Like a setting that has been spared the industrial developments plaguing cities, mountains remain a space of intact purity that man is unable to dominate. Steiner’s work is an emblematic metaphor of an ideal world and doesn’t merely document a paradisal Switzerland, it offers autonomous views that are composed like landscape paintings. The photographer conceives his images the way a painter would, in terms of composition and materials, renderings and atmospheres. His gaze is filled with paintings.
The man who is dubbed “the eye of the Engadin” hikes the trails around Saint-Moritz and Piz Bernina again and again in search of the panorama that recalls for him a canvas by Ferdinand Hodler or a work by Giovanni Segantini, another artist who manifests a great fondness for the region. Steiner’s meticulous compositions and mastery of framing make plain his connection with Hodler, and the photographer in fact occasionally borrows the painter’s principles of a symmetrical composition and his method of parallelism. In the case of Segantini, Steiner shares the same experimentation with landscapes as both a reflection of the soul and an image filled with symbolism.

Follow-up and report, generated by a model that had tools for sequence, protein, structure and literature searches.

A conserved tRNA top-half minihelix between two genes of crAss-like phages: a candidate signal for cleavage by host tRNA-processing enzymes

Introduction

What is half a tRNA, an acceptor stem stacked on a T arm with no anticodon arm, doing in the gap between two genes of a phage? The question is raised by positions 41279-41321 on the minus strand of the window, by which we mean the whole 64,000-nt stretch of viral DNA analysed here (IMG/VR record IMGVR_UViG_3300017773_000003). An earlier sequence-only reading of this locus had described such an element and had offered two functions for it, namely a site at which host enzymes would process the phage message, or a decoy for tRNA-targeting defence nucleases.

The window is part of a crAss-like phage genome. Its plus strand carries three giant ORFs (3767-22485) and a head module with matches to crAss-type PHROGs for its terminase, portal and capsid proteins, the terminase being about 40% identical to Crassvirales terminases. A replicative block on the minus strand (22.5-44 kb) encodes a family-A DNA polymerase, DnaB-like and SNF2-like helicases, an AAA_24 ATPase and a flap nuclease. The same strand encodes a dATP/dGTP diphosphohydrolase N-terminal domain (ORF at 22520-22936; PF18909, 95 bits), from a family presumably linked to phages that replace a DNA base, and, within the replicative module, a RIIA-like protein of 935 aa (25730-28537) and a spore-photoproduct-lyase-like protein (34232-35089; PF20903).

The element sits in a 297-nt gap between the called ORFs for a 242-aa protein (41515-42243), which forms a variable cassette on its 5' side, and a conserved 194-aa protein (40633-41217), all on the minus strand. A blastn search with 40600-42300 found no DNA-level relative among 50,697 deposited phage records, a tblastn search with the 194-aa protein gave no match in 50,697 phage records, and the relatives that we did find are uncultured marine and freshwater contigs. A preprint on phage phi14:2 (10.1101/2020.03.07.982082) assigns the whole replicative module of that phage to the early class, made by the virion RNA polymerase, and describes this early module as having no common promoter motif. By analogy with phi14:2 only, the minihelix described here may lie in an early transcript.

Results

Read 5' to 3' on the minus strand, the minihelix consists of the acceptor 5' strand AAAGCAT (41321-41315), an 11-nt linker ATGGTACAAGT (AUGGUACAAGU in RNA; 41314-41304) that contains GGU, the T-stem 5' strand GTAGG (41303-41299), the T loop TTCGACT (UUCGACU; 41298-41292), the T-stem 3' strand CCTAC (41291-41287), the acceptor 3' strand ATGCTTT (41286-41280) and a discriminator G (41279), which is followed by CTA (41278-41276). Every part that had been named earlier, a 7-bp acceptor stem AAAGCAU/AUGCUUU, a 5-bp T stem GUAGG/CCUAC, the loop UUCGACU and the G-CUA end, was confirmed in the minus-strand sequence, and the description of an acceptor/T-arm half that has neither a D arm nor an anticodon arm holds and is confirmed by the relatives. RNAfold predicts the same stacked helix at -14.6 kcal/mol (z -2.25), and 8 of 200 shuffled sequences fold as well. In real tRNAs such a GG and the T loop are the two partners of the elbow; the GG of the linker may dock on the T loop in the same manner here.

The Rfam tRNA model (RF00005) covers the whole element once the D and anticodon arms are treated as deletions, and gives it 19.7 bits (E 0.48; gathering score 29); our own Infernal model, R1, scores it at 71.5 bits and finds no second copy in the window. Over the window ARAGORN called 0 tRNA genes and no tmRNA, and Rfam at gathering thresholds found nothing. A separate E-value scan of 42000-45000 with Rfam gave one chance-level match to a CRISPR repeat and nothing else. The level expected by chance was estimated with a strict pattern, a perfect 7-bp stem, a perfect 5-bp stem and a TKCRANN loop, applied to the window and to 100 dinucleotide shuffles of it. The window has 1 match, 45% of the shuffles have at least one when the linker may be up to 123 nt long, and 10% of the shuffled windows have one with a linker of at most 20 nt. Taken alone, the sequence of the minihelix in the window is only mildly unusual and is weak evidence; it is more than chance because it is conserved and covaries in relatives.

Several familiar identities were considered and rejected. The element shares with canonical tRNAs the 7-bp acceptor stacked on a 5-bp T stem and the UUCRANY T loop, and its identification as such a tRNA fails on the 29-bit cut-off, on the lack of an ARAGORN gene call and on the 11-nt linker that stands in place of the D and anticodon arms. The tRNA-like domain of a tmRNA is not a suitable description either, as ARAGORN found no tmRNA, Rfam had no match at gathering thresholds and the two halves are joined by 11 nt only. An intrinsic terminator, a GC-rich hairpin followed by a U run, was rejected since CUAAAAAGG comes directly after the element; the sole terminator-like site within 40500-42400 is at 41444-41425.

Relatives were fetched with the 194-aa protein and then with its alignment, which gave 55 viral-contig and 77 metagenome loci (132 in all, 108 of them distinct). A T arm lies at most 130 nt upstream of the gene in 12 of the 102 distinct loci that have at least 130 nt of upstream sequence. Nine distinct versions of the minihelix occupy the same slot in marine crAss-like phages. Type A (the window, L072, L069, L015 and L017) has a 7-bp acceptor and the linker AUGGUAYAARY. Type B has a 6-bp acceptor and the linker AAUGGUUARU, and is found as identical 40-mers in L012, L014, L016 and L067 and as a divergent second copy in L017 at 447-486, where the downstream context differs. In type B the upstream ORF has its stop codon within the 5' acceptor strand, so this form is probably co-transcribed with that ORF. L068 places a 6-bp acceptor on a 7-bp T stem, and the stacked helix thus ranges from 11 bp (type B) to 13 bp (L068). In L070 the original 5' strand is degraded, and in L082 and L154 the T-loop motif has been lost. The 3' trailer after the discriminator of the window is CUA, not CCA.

His search for motifs and forms worthy of being put on film leads him to focus on natural textures, moss on a rock, silky grasses in a field, snow crystals floating on a pond, or the outline of larch leaves against an Alpine sky. This skill in rendering living materials is joined with his mastery of grey values and contrasts of light to construct dense, harmonious images. Steiner is an artist who dreams of a nature that escapes from the notion of time and strives to reveal its eternal beauty, like the search for a lost paradise.